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The Ivory Prohibition Act
The Ivory Prohibition Act

An Act to prohibit ivory dealing

Be it enacted by the Queen's most Excellent Majesty, by and with the advice and consent of the Lords Spiritual and Temporal, and Commons, in this present Parliament assembled, and by the authority of the same, as follows:

Section 1: prohibition

1. The following are prohibited:
a. Buying ivory
b. Selling ivory
c. Keeping ivory for sale or hire
d. Exporting or importing ivory into or out of the United Kingdom

Section 2: ivory products

1. Ivory products include:
a. An item made of ivory
b. An item that has ivory in it

2. Ivory means ivory from the tusk or tooth of an elephant.

Section 3: exemptions

1. The following are exempt from this Act:
a. Any product which has a certificate of exemption issued by the Secretary of State
b. Pre-1918 portrait miniatures with a surface area of no more than 320 square cm
c. Pre-1947 items with low ivory content (defined as less than 10% by volume of the item)
d. Pre-1974 musical instruments where the volume of ivory is less than 20% by volume

Section 4: certification

1. The Secretary of State may issue a certificate of exemption to allow pre-1918 ivory items to be traded, for any of the following reasons:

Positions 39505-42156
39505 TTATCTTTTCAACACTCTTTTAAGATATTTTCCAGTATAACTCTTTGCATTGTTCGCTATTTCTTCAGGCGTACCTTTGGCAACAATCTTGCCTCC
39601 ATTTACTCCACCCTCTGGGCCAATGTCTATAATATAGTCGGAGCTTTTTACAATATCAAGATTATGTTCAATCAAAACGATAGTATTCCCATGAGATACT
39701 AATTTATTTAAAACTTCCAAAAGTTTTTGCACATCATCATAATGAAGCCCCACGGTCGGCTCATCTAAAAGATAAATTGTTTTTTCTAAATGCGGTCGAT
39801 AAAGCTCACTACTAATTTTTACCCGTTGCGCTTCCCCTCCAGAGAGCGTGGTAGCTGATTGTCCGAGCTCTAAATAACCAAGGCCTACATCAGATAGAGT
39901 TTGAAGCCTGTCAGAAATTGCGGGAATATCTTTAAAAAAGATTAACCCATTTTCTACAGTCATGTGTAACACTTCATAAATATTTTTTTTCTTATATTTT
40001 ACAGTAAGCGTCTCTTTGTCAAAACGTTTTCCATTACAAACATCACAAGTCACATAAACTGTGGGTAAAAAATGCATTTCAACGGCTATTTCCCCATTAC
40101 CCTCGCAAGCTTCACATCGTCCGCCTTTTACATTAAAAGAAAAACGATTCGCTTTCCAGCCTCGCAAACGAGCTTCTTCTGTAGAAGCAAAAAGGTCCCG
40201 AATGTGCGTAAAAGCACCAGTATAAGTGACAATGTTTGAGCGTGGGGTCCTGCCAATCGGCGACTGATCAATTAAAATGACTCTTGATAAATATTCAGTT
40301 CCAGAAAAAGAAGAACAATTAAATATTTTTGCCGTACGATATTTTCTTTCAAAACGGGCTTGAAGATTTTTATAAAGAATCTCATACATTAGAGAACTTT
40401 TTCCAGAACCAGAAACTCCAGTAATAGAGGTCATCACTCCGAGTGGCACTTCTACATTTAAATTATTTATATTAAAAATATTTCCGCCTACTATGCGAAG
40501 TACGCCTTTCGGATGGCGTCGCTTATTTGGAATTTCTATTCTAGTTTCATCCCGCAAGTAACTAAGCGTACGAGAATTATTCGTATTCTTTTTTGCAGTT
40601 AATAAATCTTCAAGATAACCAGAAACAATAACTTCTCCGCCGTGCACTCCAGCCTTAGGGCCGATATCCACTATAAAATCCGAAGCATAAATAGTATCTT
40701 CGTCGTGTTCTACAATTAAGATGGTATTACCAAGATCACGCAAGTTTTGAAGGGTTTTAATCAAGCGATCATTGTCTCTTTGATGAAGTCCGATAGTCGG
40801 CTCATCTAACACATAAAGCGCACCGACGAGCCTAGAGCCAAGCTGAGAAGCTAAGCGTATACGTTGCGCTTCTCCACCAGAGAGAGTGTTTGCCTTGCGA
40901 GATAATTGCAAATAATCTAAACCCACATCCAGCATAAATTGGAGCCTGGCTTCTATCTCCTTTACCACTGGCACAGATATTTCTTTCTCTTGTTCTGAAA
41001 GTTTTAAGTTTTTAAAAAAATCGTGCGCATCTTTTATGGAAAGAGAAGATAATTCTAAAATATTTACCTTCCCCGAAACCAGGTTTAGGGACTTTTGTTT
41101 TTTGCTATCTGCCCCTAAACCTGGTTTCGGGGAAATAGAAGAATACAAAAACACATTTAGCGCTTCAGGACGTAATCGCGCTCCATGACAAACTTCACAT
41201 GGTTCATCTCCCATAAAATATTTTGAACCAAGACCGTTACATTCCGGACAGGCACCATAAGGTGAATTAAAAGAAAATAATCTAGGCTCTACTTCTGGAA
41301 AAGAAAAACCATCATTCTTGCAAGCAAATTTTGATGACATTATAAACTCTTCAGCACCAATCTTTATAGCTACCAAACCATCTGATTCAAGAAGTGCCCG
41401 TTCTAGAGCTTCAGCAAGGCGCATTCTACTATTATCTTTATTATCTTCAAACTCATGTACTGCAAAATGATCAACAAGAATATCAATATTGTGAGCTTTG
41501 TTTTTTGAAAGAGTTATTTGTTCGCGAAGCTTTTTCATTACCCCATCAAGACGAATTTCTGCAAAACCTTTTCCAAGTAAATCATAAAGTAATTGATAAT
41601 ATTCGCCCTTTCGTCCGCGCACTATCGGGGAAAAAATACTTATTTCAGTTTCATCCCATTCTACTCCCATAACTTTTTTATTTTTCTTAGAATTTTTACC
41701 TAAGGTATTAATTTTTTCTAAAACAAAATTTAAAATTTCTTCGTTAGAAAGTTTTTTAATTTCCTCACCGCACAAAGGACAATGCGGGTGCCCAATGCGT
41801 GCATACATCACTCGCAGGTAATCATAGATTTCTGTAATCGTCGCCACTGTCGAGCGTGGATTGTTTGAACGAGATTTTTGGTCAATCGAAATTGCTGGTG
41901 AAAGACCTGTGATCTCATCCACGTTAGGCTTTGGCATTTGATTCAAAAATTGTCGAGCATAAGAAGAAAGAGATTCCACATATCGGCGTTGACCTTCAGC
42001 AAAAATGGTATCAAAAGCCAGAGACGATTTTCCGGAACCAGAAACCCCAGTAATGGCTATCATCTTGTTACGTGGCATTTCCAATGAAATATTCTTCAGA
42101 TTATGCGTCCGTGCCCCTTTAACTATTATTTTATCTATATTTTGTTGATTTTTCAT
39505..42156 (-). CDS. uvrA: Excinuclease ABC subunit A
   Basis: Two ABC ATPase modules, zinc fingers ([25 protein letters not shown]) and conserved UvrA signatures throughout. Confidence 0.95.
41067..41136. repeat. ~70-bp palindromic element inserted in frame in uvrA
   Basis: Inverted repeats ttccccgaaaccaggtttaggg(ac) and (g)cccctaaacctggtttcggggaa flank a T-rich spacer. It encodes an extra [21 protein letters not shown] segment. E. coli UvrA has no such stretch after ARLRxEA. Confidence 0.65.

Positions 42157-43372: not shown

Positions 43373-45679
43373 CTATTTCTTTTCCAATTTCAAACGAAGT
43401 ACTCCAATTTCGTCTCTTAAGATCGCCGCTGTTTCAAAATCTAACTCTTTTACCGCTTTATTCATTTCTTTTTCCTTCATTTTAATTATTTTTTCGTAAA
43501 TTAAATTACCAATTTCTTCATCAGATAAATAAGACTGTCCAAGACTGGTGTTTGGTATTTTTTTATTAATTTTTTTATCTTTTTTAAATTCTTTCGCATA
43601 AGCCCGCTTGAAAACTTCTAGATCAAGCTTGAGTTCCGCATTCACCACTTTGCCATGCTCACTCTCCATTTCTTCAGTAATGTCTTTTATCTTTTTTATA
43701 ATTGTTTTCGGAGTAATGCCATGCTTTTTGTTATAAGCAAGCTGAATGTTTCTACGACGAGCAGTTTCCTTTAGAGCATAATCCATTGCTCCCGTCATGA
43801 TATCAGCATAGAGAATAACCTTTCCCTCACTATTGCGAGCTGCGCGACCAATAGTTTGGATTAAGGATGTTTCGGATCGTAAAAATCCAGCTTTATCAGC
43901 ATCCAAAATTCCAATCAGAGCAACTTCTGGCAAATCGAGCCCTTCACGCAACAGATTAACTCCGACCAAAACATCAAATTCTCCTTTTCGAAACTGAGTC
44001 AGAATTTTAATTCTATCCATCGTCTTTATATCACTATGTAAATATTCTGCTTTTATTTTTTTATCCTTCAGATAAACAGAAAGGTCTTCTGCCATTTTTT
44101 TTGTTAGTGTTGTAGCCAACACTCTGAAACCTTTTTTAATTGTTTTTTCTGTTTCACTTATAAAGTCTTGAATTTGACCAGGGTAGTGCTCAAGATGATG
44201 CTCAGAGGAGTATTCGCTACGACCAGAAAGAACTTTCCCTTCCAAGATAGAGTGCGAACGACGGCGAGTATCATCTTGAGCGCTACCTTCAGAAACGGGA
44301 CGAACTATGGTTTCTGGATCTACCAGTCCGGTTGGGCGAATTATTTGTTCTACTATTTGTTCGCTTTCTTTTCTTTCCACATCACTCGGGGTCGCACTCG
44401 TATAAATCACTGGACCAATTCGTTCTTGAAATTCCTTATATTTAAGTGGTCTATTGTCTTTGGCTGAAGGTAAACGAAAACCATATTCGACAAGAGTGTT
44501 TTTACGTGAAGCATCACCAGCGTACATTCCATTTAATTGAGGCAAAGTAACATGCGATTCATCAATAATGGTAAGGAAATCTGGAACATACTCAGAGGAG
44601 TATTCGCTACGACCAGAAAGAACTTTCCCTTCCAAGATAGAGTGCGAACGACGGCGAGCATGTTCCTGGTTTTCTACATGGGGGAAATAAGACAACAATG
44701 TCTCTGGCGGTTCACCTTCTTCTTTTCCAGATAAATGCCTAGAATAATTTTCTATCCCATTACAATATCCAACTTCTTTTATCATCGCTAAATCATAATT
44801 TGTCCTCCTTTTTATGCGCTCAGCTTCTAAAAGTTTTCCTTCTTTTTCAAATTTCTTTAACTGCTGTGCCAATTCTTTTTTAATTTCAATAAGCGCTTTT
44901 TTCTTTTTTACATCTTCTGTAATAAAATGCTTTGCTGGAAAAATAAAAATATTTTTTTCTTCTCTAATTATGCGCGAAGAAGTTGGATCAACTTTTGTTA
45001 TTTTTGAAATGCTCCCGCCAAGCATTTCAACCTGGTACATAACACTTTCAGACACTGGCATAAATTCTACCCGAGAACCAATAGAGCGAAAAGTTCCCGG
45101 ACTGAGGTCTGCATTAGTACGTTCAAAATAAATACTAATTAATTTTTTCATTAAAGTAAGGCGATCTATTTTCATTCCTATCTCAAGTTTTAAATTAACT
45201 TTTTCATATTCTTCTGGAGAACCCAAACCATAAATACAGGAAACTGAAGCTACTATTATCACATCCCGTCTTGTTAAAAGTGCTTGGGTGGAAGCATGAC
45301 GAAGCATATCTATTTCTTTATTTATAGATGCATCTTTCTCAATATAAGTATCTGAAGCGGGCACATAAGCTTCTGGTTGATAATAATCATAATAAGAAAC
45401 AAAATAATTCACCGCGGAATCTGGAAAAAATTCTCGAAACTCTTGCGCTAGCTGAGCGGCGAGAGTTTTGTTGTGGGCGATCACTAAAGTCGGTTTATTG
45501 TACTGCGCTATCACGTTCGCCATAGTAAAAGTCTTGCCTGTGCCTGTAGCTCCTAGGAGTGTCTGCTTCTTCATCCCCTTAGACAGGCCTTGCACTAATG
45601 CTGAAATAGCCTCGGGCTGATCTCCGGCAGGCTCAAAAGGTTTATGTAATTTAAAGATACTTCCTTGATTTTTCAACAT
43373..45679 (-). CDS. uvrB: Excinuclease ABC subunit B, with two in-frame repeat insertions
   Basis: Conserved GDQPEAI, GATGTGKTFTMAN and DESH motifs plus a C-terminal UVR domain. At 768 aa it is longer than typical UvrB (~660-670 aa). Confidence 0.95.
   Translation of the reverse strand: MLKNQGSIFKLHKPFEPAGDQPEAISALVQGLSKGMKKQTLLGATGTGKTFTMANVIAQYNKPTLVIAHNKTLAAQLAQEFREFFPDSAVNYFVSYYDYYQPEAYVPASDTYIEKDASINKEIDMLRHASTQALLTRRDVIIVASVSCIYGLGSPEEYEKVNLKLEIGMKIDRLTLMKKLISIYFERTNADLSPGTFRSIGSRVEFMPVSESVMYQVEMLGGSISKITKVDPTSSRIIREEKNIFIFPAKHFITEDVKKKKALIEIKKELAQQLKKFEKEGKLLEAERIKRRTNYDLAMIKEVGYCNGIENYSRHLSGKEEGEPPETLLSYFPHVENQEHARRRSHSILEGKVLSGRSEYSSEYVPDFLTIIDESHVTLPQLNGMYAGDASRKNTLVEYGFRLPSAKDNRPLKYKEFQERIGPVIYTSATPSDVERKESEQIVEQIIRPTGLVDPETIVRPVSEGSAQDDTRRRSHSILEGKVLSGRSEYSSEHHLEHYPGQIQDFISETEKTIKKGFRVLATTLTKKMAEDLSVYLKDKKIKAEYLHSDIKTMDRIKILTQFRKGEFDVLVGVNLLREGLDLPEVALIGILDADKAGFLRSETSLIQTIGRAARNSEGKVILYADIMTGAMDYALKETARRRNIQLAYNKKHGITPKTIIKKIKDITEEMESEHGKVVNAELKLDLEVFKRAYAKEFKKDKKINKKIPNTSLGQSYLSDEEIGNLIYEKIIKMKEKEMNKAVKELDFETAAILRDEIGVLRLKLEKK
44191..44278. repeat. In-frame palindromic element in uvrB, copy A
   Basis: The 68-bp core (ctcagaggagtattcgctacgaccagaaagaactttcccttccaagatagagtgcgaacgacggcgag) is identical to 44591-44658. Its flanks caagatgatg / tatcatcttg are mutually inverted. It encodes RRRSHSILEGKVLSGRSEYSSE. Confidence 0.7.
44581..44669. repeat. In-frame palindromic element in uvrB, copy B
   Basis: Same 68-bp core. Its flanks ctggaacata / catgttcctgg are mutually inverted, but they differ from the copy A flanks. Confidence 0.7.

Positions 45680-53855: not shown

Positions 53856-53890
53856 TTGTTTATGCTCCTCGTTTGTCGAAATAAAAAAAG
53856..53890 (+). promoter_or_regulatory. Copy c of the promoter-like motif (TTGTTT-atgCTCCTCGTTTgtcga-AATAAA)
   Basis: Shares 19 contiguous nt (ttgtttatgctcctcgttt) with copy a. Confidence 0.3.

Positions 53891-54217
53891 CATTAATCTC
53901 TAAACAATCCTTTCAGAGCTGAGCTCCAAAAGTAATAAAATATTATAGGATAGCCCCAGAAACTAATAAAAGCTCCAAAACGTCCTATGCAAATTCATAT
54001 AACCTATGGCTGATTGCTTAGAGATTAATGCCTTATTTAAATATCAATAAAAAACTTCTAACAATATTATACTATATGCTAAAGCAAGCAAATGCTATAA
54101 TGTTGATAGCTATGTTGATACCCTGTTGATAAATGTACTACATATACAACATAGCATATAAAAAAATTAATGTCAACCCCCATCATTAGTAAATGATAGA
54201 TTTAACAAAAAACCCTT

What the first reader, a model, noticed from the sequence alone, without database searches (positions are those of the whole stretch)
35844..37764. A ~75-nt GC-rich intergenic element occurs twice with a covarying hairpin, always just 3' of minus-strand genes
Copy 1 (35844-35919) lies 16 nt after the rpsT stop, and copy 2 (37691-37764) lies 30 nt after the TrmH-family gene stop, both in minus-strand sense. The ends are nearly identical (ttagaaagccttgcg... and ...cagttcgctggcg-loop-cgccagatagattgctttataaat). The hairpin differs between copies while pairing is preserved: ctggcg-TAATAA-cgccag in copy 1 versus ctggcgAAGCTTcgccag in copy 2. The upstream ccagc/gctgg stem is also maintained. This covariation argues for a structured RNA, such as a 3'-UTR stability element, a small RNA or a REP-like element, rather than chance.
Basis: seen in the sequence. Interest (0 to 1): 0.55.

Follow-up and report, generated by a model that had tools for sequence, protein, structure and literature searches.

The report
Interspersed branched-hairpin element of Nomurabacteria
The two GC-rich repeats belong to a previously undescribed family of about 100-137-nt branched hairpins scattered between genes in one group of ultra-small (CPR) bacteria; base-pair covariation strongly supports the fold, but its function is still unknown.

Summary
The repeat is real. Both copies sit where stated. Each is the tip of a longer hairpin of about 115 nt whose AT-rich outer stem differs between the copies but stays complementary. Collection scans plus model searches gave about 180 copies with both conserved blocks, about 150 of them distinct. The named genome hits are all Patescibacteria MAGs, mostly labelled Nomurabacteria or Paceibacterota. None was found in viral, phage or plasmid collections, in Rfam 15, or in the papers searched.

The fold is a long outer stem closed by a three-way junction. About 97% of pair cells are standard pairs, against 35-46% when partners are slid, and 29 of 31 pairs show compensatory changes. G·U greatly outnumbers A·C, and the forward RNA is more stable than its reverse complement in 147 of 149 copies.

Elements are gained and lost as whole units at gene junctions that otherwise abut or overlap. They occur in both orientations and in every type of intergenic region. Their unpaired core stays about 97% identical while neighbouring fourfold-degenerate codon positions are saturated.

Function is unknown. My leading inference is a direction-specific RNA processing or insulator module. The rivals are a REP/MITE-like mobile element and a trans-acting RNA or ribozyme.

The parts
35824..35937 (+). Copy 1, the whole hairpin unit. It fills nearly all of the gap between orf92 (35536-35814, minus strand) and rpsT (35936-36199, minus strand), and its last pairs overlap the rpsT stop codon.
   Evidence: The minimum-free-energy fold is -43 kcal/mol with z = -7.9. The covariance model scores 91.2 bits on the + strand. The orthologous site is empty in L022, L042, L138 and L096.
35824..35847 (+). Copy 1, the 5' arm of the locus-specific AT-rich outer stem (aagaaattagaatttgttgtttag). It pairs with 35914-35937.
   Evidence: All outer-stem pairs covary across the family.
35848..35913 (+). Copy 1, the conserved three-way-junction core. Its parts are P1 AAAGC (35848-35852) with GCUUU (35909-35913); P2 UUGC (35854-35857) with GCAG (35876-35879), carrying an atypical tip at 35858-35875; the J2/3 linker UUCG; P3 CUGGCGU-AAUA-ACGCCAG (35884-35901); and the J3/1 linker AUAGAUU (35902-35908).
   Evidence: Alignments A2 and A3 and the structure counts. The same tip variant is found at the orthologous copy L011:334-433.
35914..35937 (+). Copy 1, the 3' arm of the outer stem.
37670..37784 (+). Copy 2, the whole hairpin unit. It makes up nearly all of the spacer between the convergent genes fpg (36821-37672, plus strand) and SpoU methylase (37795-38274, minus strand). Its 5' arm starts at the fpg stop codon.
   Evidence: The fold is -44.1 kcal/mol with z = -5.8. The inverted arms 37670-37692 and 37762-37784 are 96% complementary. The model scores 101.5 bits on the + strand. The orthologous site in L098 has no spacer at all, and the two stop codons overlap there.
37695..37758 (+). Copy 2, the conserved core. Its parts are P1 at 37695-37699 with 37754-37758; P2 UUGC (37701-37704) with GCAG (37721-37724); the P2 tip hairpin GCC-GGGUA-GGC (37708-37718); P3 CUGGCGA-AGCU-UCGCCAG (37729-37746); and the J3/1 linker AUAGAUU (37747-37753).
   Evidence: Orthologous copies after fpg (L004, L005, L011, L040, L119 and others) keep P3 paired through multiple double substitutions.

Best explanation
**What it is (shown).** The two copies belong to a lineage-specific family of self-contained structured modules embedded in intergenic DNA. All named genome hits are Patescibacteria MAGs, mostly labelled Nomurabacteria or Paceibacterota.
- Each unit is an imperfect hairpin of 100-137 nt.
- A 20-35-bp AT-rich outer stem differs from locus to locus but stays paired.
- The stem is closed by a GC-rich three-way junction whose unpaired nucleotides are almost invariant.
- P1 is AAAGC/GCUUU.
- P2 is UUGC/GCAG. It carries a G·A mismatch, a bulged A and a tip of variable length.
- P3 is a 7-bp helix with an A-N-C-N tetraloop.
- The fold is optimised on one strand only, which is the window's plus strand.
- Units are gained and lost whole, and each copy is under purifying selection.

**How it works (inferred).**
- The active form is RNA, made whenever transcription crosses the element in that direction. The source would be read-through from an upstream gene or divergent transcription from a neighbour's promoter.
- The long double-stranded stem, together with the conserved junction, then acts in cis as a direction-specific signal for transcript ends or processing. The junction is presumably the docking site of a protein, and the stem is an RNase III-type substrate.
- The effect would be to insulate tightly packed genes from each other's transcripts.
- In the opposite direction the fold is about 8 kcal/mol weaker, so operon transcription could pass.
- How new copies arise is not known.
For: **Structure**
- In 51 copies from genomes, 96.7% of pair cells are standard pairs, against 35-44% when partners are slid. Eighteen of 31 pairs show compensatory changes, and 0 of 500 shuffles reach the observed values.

a. To allow museums to buy or sell ivory items or items containing ivory
b. To allow items of outstanding artistic value and importance to be traded
c. For reasons of education or research
d. To protect the national interest in exceptional circumstances

2. Applications for a certificate of exception must be made, in writing, to the Secretary of State and must include ownership details, item descriptions, photographs, reason(s) an exemption is being sought, any details of the sale or trading; if necessary the Secretary of State may order that the item be inspected by a professional assessor with the cost of the same being paid for by the applicant

3. If granted the exemption certificate must specify the duration, any relevant restrictions, and full item details

4. The Secretary of State may revoke an exemption certificate any at time

5. Where a certificate is refused or revoked, the Secretary of State will provide written notification along with reasons for the decision

Section 5: sanctions

1. It is an offense to breach the prohibition, to cause the prohibition to be breached, or to facilitate a breach of the prohibition